Debris had accumulated on shelving where clean dishes were stored, there were layers of black grease build-up on the back part of fryer and walls behind the soda dispenser and the cabinet under the soda machine had a large amount of brown build-up.
Employees were re-using a cardboard box with no liner to store bacon, there was pink mold in the ice machine and the person in charge was not knowledgeable about food safety.
The inspector noted that this facility has a documented history of non-compliant inspections.
The owner had no comment.
Dolce Vita Gelato on Valley View near Sunset was shut down November 6 for a rodent infestation. Inspectors saw mouse droppings on floors in the main kitchen, dishroom, electrical box and a box that contained parchment paper that's used in direct contact with the gelato.
There were urine trails, rub marks and urine spatter on main kitchen floors and base coving.
Inspectors documented gross, unsanitary conditions including excess debris and build-up on floors and base covings, food shelves and prep tables, equipment casters and stove inside surfaces.
There was an uncovered block of white chocolate on a sheet pan that had some unknown gray substance directly on the food.
Open bags of flour, nuts and candy in storage were not protected from contamination.
Dirty utensils were stored as clean and there was dried food debris and build-up inside the gelato heating and cooling machine.
Wet, dirty rolled up floor mats in the corner of the dish room allowed harborage for rodents and fruit flies. Inspectors noted numerous fruit flies in the kitchen.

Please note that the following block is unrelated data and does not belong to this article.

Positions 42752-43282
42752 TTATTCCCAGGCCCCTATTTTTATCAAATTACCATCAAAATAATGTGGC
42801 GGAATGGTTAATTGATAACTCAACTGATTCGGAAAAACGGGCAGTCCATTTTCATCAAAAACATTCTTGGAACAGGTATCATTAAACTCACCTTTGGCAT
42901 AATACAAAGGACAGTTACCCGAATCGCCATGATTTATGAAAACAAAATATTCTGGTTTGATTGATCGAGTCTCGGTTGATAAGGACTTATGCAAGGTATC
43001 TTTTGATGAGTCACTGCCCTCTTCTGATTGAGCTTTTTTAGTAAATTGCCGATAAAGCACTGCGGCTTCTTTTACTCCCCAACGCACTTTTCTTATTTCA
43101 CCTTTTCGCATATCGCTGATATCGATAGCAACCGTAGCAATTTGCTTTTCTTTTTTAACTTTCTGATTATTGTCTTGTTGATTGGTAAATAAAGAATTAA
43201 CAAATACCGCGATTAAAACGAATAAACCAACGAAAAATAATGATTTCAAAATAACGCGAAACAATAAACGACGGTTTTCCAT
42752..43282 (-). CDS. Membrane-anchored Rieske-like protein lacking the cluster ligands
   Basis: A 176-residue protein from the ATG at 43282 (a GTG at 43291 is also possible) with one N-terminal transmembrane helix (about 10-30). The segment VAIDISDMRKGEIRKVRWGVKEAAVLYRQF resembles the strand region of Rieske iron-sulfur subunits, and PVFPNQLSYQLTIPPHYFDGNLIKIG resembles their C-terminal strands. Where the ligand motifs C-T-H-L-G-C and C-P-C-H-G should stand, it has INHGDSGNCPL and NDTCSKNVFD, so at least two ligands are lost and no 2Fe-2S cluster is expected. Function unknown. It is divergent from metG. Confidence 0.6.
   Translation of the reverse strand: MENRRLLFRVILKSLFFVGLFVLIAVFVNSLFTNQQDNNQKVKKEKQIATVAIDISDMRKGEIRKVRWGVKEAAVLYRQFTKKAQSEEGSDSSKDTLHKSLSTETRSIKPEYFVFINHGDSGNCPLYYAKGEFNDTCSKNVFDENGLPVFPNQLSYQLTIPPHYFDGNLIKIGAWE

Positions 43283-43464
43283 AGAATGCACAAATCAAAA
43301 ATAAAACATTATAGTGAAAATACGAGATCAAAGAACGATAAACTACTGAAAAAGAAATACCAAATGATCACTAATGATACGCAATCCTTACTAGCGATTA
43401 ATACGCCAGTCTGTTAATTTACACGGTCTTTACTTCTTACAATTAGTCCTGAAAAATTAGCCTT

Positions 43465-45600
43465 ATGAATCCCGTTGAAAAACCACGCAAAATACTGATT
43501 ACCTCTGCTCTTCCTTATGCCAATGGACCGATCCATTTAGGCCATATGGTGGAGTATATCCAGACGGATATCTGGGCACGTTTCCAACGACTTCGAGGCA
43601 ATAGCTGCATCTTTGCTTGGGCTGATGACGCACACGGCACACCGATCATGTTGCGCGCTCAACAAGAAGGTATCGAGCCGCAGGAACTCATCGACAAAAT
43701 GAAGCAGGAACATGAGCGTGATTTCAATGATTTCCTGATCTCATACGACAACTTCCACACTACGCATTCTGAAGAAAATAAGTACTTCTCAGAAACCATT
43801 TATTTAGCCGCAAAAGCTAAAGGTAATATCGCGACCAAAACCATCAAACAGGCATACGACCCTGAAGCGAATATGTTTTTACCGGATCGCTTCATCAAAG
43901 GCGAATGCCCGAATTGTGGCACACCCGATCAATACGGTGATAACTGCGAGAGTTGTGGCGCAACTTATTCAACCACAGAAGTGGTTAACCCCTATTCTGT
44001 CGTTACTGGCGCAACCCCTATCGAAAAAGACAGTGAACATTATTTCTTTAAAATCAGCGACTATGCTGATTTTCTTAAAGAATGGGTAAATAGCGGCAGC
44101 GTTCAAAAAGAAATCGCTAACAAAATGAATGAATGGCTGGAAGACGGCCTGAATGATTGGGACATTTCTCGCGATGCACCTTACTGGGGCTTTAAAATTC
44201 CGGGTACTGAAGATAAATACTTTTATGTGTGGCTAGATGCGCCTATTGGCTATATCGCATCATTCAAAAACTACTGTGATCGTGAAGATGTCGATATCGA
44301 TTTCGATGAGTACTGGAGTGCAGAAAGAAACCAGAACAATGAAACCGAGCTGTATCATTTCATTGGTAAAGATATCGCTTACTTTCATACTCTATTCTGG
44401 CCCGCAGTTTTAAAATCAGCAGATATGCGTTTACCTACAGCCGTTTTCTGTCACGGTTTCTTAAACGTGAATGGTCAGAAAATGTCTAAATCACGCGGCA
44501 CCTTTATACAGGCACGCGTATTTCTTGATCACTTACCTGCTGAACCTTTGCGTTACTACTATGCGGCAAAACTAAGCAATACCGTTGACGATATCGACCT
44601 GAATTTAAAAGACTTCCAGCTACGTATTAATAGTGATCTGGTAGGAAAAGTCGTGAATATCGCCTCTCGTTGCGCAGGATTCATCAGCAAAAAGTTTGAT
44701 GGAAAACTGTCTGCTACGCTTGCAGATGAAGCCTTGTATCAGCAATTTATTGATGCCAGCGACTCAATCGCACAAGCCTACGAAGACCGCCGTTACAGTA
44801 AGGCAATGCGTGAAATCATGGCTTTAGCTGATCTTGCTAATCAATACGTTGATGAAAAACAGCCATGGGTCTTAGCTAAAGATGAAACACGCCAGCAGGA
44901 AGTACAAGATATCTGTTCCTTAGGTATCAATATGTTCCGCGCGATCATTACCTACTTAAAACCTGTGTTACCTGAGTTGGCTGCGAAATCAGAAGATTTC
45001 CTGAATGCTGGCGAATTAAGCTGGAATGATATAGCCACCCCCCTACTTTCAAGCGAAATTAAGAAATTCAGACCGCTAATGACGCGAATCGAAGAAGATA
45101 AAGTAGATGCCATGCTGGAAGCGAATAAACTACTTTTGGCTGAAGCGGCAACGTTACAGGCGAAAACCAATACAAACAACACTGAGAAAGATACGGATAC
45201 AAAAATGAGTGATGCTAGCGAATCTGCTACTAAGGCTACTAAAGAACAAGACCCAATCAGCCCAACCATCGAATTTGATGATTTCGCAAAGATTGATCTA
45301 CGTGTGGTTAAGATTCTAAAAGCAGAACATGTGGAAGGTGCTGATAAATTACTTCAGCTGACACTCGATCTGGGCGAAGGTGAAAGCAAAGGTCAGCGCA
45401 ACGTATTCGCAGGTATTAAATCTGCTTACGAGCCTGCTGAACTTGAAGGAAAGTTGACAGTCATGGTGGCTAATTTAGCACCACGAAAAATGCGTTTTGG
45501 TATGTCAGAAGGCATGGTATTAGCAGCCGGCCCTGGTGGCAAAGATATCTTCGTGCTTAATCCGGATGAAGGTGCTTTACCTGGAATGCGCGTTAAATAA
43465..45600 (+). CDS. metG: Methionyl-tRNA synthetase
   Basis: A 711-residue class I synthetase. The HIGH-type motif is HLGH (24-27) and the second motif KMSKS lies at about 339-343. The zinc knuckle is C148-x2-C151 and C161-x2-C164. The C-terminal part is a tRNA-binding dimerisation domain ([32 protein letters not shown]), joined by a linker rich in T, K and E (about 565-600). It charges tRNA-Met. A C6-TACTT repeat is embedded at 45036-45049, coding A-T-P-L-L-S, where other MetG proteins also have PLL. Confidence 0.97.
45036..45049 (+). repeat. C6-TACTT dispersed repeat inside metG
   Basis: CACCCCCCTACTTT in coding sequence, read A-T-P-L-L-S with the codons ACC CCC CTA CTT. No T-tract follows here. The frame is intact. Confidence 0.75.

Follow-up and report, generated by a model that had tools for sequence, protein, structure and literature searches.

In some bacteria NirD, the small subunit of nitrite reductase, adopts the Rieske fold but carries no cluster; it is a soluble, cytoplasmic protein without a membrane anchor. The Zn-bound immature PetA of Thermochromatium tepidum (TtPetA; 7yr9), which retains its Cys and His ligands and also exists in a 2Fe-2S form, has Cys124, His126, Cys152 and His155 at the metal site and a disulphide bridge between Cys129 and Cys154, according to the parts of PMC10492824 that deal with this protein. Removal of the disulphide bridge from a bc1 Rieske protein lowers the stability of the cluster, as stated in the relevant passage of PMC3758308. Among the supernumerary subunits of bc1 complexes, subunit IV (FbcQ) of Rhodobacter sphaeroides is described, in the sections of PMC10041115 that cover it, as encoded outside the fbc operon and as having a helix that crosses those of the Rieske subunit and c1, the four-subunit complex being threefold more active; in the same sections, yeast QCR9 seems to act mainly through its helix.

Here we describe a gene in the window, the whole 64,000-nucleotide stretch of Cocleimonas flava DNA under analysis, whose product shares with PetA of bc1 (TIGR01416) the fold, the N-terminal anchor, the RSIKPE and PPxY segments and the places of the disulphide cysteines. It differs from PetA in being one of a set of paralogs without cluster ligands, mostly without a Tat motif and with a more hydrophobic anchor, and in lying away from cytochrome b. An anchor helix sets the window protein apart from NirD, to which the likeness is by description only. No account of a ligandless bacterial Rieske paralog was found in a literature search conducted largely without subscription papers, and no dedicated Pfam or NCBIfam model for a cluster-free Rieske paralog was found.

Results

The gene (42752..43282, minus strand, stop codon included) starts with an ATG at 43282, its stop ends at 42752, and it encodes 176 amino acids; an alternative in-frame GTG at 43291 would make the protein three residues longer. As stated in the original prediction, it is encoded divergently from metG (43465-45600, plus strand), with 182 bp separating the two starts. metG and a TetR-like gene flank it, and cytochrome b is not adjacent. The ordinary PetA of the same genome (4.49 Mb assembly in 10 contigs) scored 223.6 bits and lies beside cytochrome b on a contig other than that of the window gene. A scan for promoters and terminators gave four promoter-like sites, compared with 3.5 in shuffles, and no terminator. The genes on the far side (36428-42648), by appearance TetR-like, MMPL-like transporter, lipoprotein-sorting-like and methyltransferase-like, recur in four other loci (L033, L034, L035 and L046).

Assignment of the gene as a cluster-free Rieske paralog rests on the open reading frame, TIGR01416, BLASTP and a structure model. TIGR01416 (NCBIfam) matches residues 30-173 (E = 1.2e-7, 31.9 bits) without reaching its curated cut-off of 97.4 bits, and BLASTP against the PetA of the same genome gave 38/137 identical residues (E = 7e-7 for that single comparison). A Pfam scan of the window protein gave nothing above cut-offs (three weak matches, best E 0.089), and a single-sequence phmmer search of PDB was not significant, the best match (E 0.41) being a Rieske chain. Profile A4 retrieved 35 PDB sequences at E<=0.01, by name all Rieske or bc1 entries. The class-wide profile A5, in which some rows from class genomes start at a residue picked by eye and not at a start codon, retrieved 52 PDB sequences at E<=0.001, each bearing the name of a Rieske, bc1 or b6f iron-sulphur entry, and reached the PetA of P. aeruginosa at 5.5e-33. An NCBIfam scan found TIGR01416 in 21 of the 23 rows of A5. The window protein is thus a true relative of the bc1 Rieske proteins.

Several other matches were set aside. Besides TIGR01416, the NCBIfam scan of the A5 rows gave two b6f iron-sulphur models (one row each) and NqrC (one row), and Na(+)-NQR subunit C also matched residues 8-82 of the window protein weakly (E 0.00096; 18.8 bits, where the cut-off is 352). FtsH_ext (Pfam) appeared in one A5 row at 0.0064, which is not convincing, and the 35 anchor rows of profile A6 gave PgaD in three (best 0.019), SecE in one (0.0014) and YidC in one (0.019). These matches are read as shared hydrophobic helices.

There was also sugar piled up on the floor next to the fire extinguisher.
Dolce Vita was re-inspected November 9 and got a zero-demerit A grade. The owner said he wouldn't call the rodent issue an infestation because there weren't any actual sightings of the mice, but he said they cleaned everything up quickly and took measures to ensure that it won't happen again.
Lastly, repeat offender China One on Durango between Twain and Flamingo got a 38-demerit C grade on November 9.
Orange chicken was improperly cooled and chicken, shrimp, beef and fish past thawing were left on the counter unattended for an hour.
Raw chicken was stored above vegetables in the walk-in, raw shrimp was next to raw beef on the prep table and more raw shrimp was next to raw chicken in the three-compartment sink.
Bags of food were stored in the walk-in freezer on the floor, bulk bin scoops were dirty and so was the can opener blade.
They were using a garbage bag to hold fried wonton wrappers and cardboard to line shelves and absorb grease on the floor.
Food was not date labeled and there was an accumulation of soil and food debris throughout the facility cook line and prep area.
Inspectors ordered a deep cleaning prior to re-inspection, which took place November 16 and resulted in a 6-demerit A grade.
The owner said they corrected all the violations as quickly as possible and he was pleased to have the A grade back.